Solitaire Gaming From the Future

Starforged: Thoughts on Combat in the Forge

Starforged: Thoughts on Combat in the Forge

I’ve been playing Starforged again (play reports to come… maybe?) and a couple of things dawned on me. Neither of these is probably an original thought but I can’t say I’ve seen much discussion of them. Perhaps these are helpful framings for people coming over from traditional RPGs.

Progress Tracks as hitpoints

I don’t believe that most RPGs truly use hitpoints as a simulationist measure of an entity’s health. Instead they use them to pace how long a combat scene will last which tells the players how dangerous and involved the combat could be. Ironsworn/Starforge Progress Tracks function the same way but they abstract and obscure some of this (for the better I think.)

One can approximate though about how much damage” (“progress”) one or more enemies can take in a Starforged combat encounter. A Progress Track is 10 boxes and each box can hold up to 4 ticks”. The Rank of the Challenge dictates how many ticks” you can mark in a Progress Track box. When it comes down it then you are looking at the following:

Rank HP
Troublesome 3~
Dangerous 5
Formidable 10
Extreme 20
Epic 40

So in a Dangerous Combat encounter, your foes can resist about 5 progress/harm/hits before you are in a strong position to make the Take Decisive Action move which would end the combat. In Ironsworn/Starforged to complete a progress track” you take the number of completed boxes (all four ticks marked) as a progress score and compare it to two d10 dice results. So if you’ve filled 6 progress boxes and roll a 4 and 6 on your d10s, then you’ve scored a weak hit because your progress score of 6 beats the 4 but not the 6.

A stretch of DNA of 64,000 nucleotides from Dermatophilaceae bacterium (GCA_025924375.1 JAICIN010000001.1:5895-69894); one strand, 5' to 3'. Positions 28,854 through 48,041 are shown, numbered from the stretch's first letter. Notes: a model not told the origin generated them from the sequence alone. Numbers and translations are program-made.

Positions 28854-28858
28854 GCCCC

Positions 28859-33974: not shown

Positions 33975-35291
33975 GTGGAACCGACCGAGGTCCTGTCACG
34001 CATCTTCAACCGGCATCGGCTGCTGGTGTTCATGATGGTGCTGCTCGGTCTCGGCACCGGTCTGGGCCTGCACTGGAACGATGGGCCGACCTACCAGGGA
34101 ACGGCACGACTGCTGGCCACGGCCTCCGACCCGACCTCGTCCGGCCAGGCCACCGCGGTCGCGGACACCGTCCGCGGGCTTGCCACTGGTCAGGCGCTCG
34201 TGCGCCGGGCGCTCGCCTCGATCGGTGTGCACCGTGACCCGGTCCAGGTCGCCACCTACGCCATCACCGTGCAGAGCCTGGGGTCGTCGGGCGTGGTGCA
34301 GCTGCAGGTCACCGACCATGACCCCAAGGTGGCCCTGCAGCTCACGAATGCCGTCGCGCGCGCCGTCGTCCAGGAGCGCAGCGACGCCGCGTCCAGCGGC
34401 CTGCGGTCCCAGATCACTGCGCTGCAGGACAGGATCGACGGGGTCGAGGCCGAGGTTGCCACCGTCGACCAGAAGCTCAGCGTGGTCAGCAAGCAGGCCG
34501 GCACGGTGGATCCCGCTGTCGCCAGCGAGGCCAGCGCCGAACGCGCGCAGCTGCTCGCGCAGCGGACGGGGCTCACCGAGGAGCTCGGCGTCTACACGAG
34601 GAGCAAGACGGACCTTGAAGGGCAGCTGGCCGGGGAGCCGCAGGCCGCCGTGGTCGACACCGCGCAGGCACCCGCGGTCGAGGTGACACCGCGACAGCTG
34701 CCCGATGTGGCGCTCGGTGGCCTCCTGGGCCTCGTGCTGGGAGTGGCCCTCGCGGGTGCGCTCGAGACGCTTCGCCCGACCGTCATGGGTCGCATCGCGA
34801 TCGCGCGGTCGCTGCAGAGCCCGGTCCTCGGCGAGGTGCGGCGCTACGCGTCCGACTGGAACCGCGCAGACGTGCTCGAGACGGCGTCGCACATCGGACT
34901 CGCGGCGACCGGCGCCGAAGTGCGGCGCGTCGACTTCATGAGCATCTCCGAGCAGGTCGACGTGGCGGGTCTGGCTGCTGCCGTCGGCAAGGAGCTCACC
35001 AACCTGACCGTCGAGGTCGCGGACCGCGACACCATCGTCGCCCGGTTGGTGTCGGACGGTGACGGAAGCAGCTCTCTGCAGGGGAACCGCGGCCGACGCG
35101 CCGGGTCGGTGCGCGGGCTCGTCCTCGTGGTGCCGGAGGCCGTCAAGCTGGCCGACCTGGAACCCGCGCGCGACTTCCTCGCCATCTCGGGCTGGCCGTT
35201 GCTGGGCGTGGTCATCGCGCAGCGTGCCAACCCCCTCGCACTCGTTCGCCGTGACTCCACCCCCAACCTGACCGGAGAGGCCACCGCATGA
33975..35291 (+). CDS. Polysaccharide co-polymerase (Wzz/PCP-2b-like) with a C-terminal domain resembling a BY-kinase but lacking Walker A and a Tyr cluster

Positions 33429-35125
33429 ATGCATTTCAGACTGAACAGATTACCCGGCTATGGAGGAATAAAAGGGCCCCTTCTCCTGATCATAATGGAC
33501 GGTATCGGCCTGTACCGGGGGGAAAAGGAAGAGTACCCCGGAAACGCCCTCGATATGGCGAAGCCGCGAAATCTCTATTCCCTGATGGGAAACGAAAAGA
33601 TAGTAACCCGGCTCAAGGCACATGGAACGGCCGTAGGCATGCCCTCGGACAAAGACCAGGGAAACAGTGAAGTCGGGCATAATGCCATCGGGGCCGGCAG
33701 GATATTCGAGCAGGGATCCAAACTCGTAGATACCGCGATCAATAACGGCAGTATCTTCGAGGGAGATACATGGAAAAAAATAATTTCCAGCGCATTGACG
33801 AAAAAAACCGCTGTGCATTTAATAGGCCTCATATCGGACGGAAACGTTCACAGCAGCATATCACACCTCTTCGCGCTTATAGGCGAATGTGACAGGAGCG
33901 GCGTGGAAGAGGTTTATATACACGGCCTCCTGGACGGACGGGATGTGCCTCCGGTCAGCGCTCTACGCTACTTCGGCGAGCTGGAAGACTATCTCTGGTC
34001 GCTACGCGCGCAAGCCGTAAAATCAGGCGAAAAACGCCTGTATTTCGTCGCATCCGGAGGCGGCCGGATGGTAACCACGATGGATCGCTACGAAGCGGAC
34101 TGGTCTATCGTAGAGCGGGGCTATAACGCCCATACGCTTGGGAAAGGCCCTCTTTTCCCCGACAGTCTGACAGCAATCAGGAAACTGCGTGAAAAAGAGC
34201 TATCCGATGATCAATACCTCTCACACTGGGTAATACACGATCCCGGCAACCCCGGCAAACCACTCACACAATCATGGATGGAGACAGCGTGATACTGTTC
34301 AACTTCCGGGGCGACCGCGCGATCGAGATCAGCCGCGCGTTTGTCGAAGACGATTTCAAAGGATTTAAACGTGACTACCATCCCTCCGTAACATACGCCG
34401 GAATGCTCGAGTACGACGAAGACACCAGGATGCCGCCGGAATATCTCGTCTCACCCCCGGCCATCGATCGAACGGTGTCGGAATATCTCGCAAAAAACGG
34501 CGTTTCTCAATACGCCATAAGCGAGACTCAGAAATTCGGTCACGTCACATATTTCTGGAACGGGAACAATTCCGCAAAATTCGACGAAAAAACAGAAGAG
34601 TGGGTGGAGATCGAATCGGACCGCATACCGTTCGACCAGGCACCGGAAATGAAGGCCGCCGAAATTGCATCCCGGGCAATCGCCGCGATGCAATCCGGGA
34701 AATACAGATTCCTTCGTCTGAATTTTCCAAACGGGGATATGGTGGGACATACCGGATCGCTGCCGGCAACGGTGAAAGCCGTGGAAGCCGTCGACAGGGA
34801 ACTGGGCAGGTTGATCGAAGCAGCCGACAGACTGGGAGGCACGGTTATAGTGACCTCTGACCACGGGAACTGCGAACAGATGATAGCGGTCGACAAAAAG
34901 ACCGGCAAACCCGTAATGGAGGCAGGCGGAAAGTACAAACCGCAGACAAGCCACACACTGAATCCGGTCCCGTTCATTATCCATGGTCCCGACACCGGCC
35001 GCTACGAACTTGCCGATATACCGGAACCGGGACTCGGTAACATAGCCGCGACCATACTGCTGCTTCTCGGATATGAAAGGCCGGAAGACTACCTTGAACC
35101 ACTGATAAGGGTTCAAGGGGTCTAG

Not every mark progress” in a combat has to reflect you pounding on your foe but let’s just work in the abstract as a thought exercise. In Starforged you are most likely to mark progress” once or twice (generally) in a move. So that gives you a feel for combat pacing: Troublesome fights might be over very quickly because a good start might put you both mechanically and fictionally in a position to end the fight on the next move. A Formidable fight is going to take several rounds even if you were marking progress twice per attack.

Initiative and control”

Starforged has an interesting take on what most RPGs would dub initiative” or maybe action order.” You are either in control” or in a bad spot” - you are acting or reacting to what’s happening. I see some push back on this as being not as realistic as my favorite RPG (D&D, etc) but I’m not so sure.

First let’s just establish that I go you go” is maybe one of the least accurate representations of real-world combat ever and yet it is the standard in many RPGs and even wargames because it is easy to referee. Even if you’ve never been in a hands-on combat situation think back to a schoolyard fight. Was it really two people taking turns having blows at each other? Not to my memory. One kid jumped another kid, wailed on them for several rounds (“in control”) and maybe the other kid got a spot of fortune that gave them an opening to move from being in a bad spot” to in control.” Did I watch fights where one kid maintained control the entire time? Heck yes. And certainly in popular fiction there is no sense of balance in combat encounters usually one side maintains the ebb of the flow more strongly than the other.

I think what Starforged offers is a spot on representation of combat - sides that have the a good starting position tend to maintain control until someone plans a decent counterattack or lady luck shines down on the opponent.